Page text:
New Rules governing Employment Tribunal practice and procedure across England, Wales and Scotland have applied to all ongoing and new cases since 29 July 2013. Notably, as a result of the new initial sift, every case is reviewed on paper by an Employment Judge at the outset, to confirm there are arguable complaints and defences within the Tribunal’s jurisdiction and to allow for case management orders. The express requirement in the Rules is that the sift process should identify weak claims and encourage more robust case management. Claim and response forms which are inadequate or unclear are likely to be challenged by a Judge, encouraging far closer scrutiny by authors of what is included. Forty-one percent of respondents suggest that the new Rules have helped to address weak claims,and comments received suggested that there may be more cases listed for strike out and/or deposit orders as a result of the sift. However, the MOJ’s statistics show that less than one percent of claims were disposed of by Employment Judges dismissing the claim or any part of a claim, where she or he considers that it has no reasonable prospect of success, or that the Tribunal has no jurisdiction to hear the claim.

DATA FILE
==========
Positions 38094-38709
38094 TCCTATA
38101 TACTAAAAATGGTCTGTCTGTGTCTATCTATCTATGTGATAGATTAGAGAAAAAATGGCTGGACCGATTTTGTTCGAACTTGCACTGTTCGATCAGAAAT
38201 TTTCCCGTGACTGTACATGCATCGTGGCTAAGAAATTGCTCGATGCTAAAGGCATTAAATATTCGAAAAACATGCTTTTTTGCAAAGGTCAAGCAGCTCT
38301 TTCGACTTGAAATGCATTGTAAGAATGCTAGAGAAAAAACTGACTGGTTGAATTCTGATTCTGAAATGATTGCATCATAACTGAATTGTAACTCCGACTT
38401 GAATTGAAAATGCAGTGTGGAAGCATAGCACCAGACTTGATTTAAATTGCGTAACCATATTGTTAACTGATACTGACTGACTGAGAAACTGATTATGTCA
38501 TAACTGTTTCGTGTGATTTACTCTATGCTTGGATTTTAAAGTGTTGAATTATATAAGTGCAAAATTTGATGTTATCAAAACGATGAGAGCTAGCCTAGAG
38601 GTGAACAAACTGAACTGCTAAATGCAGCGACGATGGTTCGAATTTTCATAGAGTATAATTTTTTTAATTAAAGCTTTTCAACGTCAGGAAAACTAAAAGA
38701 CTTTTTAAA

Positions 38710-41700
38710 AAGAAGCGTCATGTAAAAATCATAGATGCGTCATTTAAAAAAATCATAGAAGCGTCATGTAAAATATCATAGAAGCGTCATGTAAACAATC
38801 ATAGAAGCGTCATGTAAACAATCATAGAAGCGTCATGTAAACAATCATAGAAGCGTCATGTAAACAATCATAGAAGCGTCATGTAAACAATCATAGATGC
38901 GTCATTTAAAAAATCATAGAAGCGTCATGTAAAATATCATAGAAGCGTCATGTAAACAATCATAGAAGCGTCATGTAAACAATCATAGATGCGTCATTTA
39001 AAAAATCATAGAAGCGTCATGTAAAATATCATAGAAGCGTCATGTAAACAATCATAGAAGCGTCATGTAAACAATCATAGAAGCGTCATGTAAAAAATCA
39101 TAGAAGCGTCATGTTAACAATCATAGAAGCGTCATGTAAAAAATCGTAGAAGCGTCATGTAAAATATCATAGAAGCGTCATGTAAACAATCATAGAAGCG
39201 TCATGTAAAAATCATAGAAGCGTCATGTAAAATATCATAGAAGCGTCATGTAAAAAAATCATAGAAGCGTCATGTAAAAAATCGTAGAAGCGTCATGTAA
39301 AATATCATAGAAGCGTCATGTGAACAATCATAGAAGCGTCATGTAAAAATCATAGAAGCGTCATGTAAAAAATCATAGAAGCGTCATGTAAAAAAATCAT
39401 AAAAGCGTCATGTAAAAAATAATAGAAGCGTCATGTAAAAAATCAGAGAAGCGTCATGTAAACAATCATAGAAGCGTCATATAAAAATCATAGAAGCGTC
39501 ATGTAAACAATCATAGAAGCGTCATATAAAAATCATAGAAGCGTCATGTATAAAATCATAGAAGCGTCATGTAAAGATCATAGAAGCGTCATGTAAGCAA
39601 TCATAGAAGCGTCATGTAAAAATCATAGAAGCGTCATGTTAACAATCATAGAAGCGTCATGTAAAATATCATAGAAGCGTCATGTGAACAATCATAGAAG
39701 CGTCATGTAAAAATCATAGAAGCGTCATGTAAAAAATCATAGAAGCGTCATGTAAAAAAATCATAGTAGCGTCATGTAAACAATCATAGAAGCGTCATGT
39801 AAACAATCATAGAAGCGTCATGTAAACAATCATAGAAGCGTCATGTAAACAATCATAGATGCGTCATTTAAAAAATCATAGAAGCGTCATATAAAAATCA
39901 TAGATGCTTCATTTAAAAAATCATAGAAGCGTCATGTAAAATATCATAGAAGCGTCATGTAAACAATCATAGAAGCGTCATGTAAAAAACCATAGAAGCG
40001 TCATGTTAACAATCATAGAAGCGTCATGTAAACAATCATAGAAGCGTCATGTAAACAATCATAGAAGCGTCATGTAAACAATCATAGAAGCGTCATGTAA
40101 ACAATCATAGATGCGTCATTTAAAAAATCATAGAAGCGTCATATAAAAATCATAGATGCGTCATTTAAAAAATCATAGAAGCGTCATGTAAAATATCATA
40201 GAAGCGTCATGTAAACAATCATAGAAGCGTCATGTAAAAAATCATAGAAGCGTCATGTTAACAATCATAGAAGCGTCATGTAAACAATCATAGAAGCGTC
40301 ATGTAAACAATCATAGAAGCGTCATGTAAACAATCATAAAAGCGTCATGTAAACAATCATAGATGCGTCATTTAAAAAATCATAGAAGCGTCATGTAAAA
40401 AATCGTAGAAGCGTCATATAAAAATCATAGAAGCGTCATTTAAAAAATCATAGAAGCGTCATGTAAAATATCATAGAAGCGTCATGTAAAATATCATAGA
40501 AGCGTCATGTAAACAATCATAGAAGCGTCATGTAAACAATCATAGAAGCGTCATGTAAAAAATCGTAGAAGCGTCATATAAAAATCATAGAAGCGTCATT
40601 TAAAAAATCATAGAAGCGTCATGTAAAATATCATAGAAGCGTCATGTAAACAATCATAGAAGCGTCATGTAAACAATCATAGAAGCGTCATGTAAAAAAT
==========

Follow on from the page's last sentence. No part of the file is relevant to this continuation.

The new Rules place an obligation on Tribunals, wherever practicable and appropriate, to encourage the use by the parties of the services of ACAS, judicial or other mediation, or other means of resolving their disputes by agreement.Judicial mediation is an alternative form of dispute resolution which offers parties the opportunity and flexibility to agree terms that a Tribunal would not be able to offer, including non-financial measures such as an apology, a reference or outplacement counselling. And 73 percent of respondents expressed the view that mediation was always or sometimes successful, and 40 percent confirmed that they had attempted mediation during the last year. Similarly, recent statistics demonstrate that judicial mediation has a success rate of in England and Wales in excess of 70 percent.